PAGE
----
CHARLOTTE, N.C. — Linda Springs has cried a lot this year.

"One day I had her, and one day she's taken away from me."

But she wants people to know Monday's tears were happy ones.

"I was just overwhelmed. Tears started flowing, and they are tears of joy. I'm just so grateful, so grateful," said Springs.

She was grateful after strangers knocked on her door Monday morning with presents for her and her grandkids.

"Joy tears just started flowing. I had no idea it was going to be anything to this extent," Springs said.

Springs buried her daughter, Kendall Crank in March.

"She was on her way to school, and she happened to drive through a shootout," she said.

The 27-year-old mother of two was one of 106 people murdered in Charlotte in one of the city’s deadliest years on record. 

"So many families were all going through this together," said Springs.

Springs said the community support has been a powerful part of her healing.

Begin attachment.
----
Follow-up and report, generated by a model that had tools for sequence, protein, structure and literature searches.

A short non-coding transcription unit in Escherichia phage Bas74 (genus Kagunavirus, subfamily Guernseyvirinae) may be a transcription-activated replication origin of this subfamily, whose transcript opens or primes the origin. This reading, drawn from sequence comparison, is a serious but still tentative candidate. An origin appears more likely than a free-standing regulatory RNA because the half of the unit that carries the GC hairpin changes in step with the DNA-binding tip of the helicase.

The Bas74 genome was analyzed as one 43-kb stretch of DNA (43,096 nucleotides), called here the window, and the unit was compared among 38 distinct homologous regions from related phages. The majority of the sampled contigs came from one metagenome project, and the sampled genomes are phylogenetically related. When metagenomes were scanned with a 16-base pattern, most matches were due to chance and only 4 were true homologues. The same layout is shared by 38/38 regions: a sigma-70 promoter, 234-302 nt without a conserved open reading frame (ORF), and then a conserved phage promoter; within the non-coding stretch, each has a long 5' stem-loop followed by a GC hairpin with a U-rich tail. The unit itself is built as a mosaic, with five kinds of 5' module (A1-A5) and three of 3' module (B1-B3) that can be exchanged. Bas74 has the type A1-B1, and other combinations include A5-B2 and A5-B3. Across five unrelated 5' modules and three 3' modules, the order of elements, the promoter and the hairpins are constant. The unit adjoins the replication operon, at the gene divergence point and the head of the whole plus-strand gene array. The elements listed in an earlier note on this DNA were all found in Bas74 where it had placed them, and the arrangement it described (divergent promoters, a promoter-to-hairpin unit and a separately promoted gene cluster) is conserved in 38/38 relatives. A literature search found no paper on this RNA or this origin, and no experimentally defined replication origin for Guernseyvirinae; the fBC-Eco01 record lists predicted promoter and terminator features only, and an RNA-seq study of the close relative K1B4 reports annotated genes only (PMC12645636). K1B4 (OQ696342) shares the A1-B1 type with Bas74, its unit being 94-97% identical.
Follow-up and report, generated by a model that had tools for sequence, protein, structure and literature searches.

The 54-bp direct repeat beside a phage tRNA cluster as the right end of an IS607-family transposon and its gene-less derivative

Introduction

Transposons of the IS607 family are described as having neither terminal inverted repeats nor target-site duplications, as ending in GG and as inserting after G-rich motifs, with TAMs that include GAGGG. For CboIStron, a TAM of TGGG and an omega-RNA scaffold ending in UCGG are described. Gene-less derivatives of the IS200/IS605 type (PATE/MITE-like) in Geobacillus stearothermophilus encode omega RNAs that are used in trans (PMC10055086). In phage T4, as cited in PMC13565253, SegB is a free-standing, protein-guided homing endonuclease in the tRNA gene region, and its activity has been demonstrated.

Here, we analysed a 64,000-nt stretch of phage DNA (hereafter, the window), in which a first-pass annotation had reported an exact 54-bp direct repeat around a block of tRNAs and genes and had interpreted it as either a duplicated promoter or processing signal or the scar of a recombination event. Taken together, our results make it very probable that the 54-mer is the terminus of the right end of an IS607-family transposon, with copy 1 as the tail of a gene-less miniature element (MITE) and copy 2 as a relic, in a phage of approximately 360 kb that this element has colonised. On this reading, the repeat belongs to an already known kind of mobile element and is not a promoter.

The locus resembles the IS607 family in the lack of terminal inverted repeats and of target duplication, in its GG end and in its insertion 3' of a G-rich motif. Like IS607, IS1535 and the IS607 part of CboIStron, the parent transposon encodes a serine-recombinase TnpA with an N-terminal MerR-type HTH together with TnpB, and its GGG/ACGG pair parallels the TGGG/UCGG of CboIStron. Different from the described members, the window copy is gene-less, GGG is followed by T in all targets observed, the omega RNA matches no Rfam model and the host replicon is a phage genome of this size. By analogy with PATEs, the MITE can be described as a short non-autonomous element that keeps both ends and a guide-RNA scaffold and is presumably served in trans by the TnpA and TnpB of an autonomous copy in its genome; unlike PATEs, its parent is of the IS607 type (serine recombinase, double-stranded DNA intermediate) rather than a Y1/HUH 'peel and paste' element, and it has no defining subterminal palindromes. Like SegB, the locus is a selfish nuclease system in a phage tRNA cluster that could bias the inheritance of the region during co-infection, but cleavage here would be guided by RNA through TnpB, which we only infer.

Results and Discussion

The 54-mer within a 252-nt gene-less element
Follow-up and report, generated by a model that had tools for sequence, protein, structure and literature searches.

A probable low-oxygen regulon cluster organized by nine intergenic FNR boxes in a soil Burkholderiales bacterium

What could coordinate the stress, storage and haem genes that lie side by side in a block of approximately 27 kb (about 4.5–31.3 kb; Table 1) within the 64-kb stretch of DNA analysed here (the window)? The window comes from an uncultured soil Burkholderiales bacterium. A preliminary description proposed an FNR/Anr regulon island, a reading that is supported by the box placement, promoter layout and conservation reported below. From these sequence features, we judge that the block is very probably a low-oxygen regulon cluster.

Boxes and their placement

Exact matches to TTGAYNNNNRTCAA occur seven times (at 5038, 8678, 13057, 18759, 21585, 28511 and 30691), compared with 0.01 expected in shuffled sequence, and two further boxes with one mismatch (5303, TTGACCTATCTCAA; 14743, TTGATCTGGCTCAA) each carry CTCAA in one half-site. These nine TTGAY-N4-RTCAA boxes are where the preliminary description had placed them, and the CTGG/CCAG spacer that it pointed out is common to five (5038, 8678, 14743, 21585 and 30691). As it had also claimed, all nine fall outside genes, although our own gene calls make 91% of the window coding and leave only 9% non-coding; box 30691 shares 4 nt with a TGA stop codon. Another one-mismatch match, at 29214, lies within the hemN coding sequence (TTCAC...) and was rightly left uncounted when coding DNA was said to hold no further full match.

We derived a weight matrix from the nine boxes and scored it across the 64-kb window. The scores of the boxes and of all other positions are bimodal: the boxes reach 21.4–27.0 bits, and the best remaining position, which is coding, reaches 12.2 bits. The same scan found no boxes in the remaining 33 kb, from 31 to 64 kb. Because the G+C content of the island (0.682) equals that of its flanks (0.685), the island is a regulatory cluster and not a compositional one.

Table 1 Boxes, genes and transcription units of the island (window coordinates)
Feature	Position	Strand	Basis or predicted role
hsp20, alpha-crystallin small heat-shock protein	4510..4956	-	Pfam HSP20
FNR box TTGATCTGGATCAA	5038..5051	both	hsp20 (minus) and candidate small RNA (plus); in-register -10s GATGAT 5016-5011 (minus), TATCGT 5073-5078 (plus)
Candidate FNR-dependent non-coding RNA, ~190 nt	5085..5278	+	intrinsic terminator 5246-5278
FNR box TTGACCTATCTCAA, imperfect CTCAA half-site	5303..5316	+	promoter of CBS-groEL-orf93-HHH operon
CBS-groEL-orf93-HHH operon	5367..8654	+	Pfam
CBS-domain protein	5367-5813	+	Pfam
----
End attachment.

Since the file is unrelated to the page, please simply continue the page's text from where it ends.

"Everyone just embraced the death of my daughter and embraced my family," she said.

"I was so saddened and wished I could do more to hear about a family not being able to be together on Christmas when I’m able to be with my family. I wish there was more that I could do," a volunteer said.

"This is tremendous that you could come and lift our family up," another family member said.

"I believe in miracles, and this is a miracle for me and my family," Springs said.

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